I'm tasked with monitoring and debugging a SOAP web service, on network level. I can use tcpdump to capture the whole traffic coming from customers on port 80, but I can't limit the capture for every request to just the first received application-layer packet (the most significant packet in this case, which carries the HTTP request header and beginning of SOAP XML document). I want to know which tcpdump switch (or combination of other linux commands) to use to get this first packet for each TCP connection, and drop the rest of packets received for the same connection.

If possible, having the first response packet (and probably the only, because in this application, response XML documents are small) sent from server to customer, would be nice too.

Currently I run tcpdump -i any -A 'tcp port 80 and (((ip[2:2] - ((ip[0]&0xf)<<2)) - ((tcp[12]&0xf0)>>2)) != 0)' example from tcpdump man page, so I don't get the TCP handshake packets.

And the problem with -c switch is tcpdump exits after capturing the packet, while I need it to stay running and continue showing the same information for new connections. Ideally I need something similar to tailing apache access log files, along with first meaningful chunks of request and response.


So your request is actually narrower than the title suggests - you're specifically looking for HTTP requests.

I use ngrep for this, which combines tcpdump and grep type functionality. eg:

sudo ngrep -d eth0 '^(GET|POST) ' port 80

That will give you text output. If you want, you can use the -w option to write the matched packets to a file in tcpdump format.

Use -d as above to specify the interface, since -i is used as in grep for case insensitivity.

The above will also include outgoing requests and so forth that you might not want. append tcpdump type options as required.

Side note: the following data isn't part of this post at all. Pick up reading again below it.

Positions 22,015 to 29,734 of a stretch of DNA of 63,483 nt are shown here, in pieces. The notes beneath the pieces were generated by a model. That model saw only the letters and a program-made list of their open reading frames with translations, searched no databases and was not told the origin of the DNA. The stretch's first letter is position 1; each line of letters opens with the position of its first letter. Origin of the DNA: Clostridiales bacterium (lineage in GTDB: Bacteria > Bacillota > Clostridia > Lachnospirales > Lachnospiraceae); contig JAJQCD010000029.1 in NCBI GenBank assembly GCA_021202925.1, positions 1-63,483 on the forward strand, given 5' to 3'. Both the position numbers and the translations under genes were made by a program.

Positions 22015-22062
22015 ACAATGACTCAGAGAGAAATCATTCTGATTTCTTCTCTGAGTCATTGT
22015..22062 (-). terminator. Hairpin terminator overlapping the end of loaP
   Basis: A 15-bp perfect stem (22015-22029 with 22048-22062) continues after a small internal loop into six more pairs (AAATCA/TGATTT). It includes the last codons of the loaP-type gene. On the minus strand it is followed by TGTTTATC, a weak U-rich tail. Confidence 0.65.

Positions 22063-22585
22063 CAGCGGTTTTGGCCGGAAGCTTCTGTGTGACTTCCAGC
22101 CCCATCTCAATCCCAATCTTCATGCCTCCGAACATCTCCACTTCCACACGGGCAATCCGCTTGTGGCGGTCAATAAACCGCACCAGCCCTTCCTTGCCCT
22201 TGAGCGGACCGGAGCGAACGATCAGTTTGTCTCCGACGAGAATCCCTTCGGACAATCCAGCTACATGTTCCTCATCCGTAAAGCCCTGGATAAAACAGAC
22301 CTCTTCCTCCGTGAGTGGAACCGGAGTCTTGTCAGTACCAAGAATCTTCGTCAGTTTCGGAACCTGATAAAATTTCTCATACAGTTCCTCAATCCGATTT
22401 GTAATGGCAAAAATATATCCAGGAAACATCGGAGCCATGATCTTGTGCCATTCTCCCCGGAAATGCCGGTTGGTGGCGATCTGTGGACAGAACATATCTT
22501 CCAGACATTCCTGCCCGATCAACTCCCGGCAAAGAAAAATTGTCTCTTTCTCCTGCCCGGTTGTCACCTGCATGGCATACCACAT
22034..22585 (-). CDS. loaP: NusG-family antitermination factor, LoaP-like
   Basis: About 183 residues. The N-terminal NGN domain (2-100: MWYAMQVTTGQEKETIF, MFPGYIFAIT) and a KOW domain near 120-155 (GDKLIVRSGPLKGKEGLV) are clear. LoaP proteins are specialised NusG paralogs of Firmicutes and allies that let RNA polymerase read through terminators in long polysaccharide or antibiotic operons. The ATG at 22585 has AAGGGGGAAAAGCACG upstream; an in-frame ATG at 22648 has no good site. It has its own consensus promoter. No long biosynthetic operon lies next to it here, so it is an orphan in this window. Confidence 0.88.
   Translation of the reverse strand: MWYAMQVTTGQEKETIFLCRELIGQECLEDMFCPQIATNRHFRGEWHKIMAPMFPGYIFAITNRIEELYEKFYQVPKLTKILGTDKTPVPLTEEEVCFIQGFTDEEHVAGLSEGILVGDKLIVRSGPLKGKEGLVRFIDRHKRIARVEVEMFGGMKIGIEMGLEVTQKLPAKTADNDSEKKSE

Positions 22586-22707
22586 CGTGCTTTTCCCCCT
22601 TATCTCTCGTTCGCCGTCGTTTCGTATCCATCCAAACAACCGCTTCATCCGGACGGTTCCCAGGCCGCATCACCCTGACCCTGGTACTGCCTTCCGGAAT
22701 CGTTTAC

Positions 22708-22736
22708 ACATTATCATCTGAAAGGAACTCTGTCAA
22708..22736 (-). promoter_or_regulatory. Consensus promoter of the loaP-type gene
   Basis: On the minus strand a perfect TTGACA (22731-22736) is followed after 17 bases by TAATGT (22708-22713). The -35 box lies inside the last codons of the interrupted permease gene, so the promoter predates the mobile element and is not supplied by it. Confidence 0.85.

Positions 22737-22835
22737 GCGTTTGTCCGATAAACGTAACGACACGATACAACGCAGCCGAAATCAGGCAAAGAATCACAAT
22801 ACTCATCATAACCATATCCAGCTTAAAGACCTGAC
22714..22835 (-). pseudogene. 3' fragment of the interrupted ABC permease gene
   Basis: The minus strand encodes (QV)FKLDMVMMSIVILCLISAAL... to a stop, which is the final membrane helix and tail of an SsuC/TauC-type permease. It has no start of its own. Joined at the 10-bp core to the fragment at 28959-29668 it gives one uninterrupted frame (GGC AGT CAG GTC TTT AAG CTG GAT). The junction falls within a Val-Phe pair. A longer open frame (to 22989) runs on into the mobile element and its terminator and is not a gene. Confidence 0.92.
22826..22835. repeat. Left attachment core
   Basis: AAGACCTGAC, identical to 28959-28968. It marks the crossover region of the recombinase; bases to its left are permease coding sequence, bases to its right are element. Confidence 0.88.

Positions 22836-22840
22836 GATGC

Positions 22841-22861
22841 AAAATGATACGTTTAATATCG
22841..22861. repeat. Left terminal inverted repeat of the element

If you're debugging requests to a particular URL, you might want to use that to make the regular expression more specific. eg

sudo ngrep '^(GET|POST) /my/soap/interface .*Host: myhost.example.com' 'dst port 80 and dst host myhost.example.com'

In the unusual case that the request is split over multiple packets with the Host header in the second packet, the above may fail to catch some requests. Mostly that doesn't matter, but you could always capture more than you need with tcpdump, break it into files with chaosreader, and then start grepping the files.

  • thanks. ngrep did the job for me using it's grep filter, not pcap filter. I'm not a libpcap expert but I still wonder if it has a filter which allows this sort of thing by something like putting arithmetic conditions on TCP sequence numbers. I will accept this answer in few days, if no one suggests a solution using a pcap filter instead of grep. – zaadeh Apr 16 '14 at 7:16
  • Looking at man pcap-filter I don't see anything for discriminating on sequence numbers. Wireshark has a more extensive (but harder to remember) filter language, and I know I've seen a command line variant on that. Somehow, there's a way. Is it really worth your while though? Are you really processing enough traffic for this bit of efficiency to be worth your while to chase after, even supposing you did know where to look? – mc0e Apr 20 '14 at 13:37

You probably don't just want the first packet - the first packets of a TCP session are the 3 way handshake which sets the session up in the first place. However, tcpdump does have the -c flag, which allows you to capture a defined number of packets.

  • I see you've updated your question. Ok. You're trying to do something quite complicated then, and I think it's beyond the scope of what tcpdump can accomplish - it's a filter based packet capture, with rule applied per packet. You're looking for a way to conditionally capture, based on preceding packets, which is considerably more difficult. Capture the whole lot and process is probably the next best option - wireshark is pretty good for general use, but you can probably write a custom parser in perl or a similar scripting language. – Sobrique Apr 15 '14 at 10:32

Dump the capture to a file (-w option).

You can analize it with wireshark afterwards, which has a powerful filtering engine. You'll have access to all the information you need: headers, SOAP payload, etc...

  • So, there's no way to have it live on a server with no X? – zaadeh Apr 15 '14 at 10:04
  • wireshark as a companion program, tshark, for CLI users. As CLI addict as I am, this is usually a task I'd rather do in an X environment. – dawud Apr 15 '14 at 10:06

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